A couple of weeks ago RR posted an interesting piece telling the story of how she learned to read and asked her audience to respond with their own stories. I’ve been meaning to do so ever since but have only now gotten around to it. Like her, I find those really, really early childhood memories hard to access; and like with her story, I suspect that my own parents might quibble with the following account.
I can say for certain that I was not yet fully literate by the time I arrived for the first day of Grade One (funny Canadian expression, that; Americans would say “the first grade”), but I was familiar with the alphabet and how it could form words, which in turn could form stories. While neither of my parents were or are readers, we did have story time most nights before bed and I did have my own bookshelf full of kids’ books in my baby blue boyhood bedroom.
Strangely enough, though, up until Grade One I lived under the misconception that the books on those shelves were the only books that existed in the world. Imagine my shock when I arrived at school (West Kent Elementary, class of ’87 baby!) to discover that there was an entire room in the basement full of books that I’d never even seen before. Not only that, but this magical room seemed to be solely dedicated to the storage and promotion of books, and to the engagement of my newly acquired skill, reading. Not only that, but I was allowed to borrow books from this incredible room and take them home – home, mind you! – to read at my leisure. Good lord, there had to be a catch. Surely there was a cover charge or three-drink minimum (milk tickets, naturally).
Of course, West Kent’s library provided me with my earliest independent reading experiences. My memories of that time include several books on World War Two, a biography of Elvis, a whole slew of Gordon Korman (for the male bonding) and of Judy Blume (for the dirty bits). I’m almost certain that I also filched a copy of A Christmas Carol by Charles Dickens to read to myself each year on Christmas Eve after everyone else in our house had gone to bed.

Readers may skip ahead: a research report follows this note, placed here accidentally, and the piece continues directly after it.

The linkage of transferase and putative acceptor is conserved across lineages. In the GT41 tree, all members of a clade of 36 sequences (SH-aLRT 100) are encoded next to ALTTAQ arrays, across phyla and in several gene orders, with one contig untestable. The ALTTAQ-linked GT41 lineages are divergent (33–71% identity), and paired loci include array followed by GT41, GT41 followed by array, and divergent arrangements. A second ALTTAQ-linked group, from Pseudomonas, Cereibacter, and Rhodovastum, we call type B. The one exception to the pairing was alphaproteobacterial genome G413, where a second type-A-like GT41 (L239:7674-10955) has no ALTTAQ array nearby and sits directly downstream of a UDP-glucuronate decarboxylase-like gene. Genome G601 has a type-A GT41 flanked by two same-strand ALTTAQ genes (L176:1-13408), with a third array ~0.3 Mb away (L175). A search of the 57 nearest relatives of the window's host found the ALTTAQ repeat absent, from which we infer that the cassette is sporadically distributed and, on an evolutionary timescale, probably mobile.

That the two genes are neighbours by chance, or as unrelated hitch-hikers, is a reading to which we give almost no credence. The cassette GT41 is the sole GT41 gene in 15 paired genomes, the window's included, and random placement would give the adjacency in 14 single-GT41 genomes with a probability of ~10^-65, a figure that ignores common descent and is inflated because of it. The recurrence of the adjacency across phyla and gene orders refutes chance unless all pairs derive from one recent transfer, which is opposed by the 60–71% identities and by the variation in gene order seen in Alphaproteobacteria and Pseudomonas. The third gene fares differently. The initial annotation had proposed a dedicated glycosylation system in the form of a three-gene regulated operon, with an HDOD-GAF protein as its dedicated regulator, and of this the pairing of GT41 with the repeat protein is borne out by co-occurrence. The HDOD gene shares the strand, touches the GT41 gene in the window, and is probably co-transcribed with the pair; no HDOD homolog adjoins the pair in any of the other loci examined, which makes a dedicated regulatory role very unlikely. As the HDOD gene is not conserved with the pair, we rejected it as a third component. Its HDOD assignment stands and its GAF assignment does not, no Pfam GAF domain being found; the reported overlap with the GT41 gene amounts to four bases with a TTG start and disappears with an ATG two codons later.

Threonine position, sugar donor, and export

But what I find really interesting is the pronounced demarcation that exists in my mind between my early reading experiences and my reading experiences once I decided to enter the arena of literature. It was in my mid teens that I came to accept that I was going to be a writer, and that discovery forever influenced the way I read books. It was then that I found myself on the long road (still not over entirely, I don’t think) of learning not how to read per se, because I already could read, obviously, but how to read like a writer – i.e. from the backstage area.
This is how I liken my experience with books now: that if the story were a play, I am no longer sitting out front with the rest of the audience, but rather watching the show unfold from the wings. I’m still seeing the same play as everyone else, but I’m also seeing all the mechanics and machinations behind the scenes that others don’t necessarily see. (While this has deepened my relationship with literature, it also makes me an often-snarky curiosity at dinner parties when the conversation turns to reading; and I’m the last person you’d ever want as a member of your book club.) I think this kind of reading is vitally important to anyone trying to write fiction. There’s a wonderful book that I discovered in the last couple of years that articulates perfectly this whole idea of reading from the backstage area: Francine Prose’s Reading Like a Writer. It has cemented the feelings I’ve held for years about reading and writing.
So while I do treasure those memories of my early reading, I guess I have to admit that I was a late bloomer (think 15 or 16) to realizing reading’s connection with the joy and possibilities of the storytelling craft.